First, the Court has no doubts as to the qualifications of Dr. Goldsmith or his ability to produce a thorough expert report. However, this report is insufficient for Plaintiffs to overcome their burden to "negate every conceivable justification" for Defendants regulations. Brian B., 230 F.3d at 586.
See Daubert v. Merrell Dow Pharmaceuticals, Inc., 509 U.S. 579 (1993).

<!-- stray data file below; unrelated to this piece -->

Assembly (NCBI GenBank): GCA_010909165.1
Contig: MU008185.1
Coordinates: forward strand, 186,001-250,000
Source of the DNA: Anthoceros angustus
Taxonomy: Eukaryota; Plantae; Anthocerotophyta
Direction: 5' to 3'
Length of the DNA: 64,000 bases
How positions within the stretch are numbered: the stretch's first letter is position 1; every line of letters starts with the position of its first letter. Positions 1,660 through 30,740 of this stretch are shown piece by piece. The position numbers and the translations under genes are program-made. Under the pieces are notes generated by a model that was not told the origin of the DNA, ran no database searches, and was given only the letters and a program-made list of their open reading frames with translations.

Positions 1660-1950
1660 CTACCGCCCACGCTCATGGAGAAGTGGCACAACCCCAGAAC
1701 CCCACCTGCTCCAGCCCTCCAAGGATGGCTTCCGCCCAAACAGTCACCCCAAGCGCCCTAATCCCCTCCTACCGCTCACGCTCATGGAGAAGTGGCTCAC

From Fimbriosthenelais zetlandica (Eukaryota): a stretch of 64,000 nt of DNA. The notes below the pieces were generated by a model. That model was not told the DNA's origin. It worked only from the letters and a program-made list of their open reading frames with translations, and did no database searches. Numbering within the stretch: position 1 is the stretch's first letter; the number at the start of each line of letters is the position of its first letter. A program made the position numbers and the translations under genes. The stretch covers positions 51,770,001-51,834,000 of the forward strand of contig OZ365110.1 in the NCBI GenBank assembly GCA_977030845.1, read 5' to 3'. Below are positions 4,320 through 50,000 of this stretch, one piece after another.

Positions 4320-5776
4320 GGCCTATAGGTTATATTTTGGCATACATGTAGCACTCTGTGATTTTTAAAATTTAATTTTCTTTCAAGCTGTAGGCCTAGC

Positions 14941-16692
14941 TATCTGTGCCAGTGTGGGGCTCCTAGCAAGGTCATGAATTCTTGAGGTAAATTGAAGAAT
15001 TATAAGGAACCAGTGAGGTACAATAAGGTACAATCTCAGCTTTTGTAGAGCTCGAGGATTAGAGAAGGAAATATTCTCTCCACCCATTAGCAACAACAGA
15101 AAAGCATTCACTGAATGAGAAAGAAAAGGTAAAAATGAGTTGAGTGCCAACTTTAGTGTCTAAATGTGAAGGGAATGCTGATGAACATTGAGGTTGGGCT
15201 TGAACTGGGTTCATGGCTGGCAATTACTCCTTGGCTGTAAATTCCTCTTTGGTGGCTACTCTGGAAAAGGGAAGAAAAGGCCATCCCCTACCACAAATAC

Ultimately, this Court is compelled under rational-basis review to accept Defendants' classification of movie theaters even when there may be "an imperfect fit between means and ends." Heller, 509 U.S. at 321. Further, Defendants do not need to provide any scientific reasoning to survive rational-basis review, as regulations do not fail under rational-basis review if they were "not made with mathematical nicety." Dandridge, 397 U.S. at 485 (quoting Lindsley v. Natural Carbonic Gas Co., 220 U.S. 61, 78, (1911)). Therefore, while Plaintiffs contend Defendants have failed to present any data to indicate movie theaters present a higher risk profile than other indoor premises that are allowed to be open, Defendants are not required to present such data to pass muster under rational-basis review. See Beach Comms., 508 U.S. at 313 ("A State, moreover, has no obligation to produce evidence to sustain the rationality of a statutory classification. [A] legislative choice is not subject to courtroom factfinding and may be based on rational speculation unsupported by evidence or empirical data.").